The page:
I knew your advice was sound when I read you have the Panasonic Fz35. After all of this, it is my choice as I am beginning to understand what I need in a camera to meet the requirements (basically nothing exotic except RAW) and then what camera of that type meets my purpose--backward reasoning maybe. I have buildings in tight spaces as well as interiors to consider with wide-angle; long views will take care of themselves as I see them. The Leica lens is a selling point to me, the RAW sort of seals the deal. Cost isn't too bad--I was surprised what large price ranges there are on-line. I'm guessing the cheapest sell the camera out of the box and then sell you a bundle that was in the box in the first place. But now I know what to look for.

Can you help me here a little more? I am guessing there is some way to set camera to RAW for images. Taken in color you seem to be saying. Go home, download to what--my basic Microsoft photo thing or do I need something else. Or do I need conversion software for RAW to .tiff before I go anywhere? Will I be able to edit--crop or whatever and be first generation? Each image has to have a name on it, keyed to an external list--maybe this will become obvious. You are saying, if I read it right, that now I turn the color image to B+W using some effects setting, that I don't shoot in camera's B+W mode. That's the RGB.

Now I have to have the capability to burn a cd or dvd, right? I don't. I will want a copy for my records--burn it twice or get a copy made? I can upload images (do they have to be from CD/dvd or just in my file?) to the sevices for prints.

As far as the printer goes, there is a list of inks and papers that will meet the must last 75+ years rule. Printers using the materials are available at "reasonable cost" (reasonable from a source part of a trillion dollar++ shortfall).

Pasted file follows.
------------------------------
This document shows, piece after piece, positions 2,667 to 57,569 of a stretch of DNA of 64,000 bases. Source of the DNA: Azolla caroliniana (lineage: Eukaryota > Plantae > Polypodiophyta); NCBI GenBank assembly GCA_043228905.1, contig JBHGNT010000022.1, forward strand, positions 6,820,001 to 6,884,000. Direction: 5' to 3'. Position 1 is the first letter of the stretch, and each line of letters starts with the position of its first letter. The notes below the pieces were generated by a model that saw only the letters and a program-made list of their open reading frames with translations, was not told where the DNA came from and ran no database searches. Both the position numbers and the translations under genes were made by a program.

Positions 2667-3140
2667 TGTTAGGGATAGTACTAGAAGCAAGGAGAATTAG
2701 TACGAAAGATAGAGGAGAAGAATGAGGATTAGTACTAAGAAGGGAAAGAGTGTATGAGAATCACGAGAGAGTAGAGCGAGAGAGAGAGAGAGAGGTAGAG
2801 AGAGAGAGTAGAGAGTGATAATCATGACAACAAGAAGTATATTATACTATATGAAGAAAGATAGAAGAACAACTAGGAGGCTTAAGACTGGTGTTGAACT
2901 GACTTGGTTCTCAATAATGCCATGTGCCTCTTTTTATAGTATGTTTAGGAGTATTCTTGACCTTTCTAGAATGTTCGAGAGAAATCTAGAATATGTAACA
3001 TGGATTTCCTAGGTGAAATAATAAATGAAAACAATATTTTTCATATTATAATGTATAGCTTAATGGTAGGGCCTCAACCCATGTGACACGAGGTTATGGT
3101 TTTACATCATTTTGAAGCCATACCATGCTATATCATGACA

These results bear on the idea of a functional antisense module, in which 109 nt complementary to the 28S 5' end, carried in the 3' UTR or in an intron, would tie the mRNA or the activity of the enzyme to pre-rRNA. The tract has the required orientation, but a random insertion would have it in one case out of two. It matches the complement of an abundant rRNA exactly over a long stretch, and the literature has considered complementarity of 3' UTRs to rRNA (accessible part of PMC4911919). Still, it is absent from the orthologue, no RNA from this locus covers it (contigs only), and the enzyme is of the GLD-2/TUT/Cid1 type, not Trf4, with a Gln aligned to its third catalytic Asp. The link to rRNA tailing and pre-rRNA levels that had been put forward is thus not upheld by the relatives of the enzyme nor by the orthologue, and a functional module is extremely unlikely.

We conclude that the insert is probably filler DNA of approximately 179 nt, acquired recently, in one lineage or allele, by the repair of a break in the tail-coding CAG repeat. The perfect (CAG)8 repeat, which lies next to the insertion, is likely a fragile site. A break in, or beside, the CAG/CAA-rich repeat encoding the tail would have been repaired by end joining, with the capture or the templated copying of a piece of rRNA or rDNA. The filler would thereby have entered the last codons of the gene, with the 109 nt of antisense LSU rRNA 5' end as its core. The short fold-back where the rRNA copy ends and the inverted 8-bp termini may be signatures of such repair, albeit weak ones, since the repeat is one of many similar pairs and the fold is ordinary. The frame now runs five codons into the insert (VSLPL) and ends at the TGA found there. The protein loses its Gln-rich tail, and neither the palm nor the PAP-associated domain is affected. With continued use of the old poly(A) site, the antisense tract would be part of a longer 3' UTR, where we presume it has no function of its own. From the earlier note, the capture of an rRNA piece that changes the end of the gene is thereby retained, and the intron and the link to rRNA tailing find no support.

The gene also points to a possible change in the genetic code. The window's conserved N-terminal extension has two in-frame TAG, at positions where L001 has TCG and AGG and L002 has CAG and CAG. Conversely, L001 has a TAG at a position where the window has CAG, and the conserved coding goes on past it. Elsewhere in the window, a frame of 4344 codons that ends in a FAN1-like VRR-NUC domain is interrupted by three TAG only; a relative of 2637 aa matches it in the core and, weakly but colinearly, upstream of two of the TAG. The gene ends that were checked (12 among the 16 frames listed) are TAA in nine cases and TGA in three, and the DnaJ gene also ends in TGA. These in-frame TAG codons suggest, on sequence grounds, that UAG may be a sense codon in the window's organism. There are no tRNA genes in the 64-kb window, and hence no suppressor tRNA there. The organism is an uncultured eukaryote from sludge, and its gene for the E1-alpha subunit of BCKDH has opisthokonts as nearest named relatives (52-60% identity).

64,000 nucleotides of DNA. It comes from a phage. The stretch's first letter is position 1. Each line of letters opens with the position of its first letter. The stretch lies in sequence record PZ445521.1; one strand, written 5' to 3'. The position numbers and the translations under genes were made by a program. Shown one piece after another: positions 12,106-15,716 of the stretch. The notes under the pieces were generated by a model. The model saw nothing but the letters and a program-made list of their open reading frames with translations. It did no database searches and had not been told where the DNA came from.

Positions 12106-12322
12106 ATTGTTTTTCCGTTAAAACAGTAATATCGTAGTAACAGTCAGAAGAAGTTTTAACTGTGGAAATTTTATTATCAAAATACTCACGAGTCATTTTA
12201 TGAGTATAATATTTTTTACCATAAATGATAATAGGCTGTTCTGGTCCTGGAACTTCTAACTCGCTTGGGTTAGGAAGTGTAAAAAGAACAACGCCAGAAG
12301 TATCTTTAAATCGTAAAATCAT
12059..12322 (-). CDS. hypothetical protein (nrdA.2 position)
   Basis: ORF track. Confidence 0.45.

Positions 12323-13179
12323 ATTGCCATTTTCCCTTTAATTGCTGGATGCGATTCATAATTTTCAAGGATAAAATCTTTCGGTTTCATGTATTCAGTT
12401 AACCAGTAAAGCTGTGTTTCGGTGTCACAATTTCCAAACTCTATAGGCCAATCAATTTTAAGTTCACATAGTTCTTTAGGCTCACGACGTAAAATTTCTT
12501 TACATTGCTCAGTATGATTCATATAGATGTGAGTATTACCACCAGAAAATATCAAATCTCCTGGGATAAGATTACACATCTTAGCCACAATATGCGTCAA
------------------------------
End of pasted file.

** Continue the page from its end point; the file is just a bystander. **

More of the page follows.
I know some of the answers, can make educated guesses about others. It would be very helpful to be walked through the typical process, with what needed technology (hard and software), from turning on the Fz35 in the field, making a setting of jpeg or RAW (if necessary). Shooting I can do. Then take the image in the camera to a final B+W image ready for and put on CD. I almost get it, am mostly confused about RAW/.tiff "likewise, can .jpeg be saved as .tiff?] conversion, if there is then any difference in editing (more $$oftware in .tiff).

I have used 35mm for nearly 50 years, had a darkroom, reasonably skilled photographer, but from what I can deduce using B+W film, while preferred, is a mega-headache in terms of film, processing, printing on archival paper--to be avoided. Alas.

Susan you make great sense with clarity. If you would follow up with the critical getting me from image in camera to B+W on a CD I would be very grateful.
Honing me in on the Fz35, cross-references to other useful sites, links for prints, all of it special.

Thank you, hoping for some more - Mike


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RE: Help with technical requirements

Can you help me here a little more?

I'll see what I can do......

I am guessing there is some way to set camera to RAW for images.

Yes, I'm sure there is. A lot of my online photographer friends shoot in RAW. But I never have, so I don't know what to tell you except to suggest you tap into the wisdom at DPReview.com.

Taken in color you seem to be saying. Go home, download to what--my basic Microsoft photo thing or do I need something else.

Hmmm.......I'm not familiar with your basic Microsoft photo thing. :-) I use Photoshop Elements, but I'm told there are some useful free programs around. Like Irfanview (I hope I spelled it right).

Or do I need conversion software for RAW to .tiff before I go anywhere?

When I edit in Elements, I have the option of saving as JPEG or TIFF or a bunch of others. So I assume that's what you would do.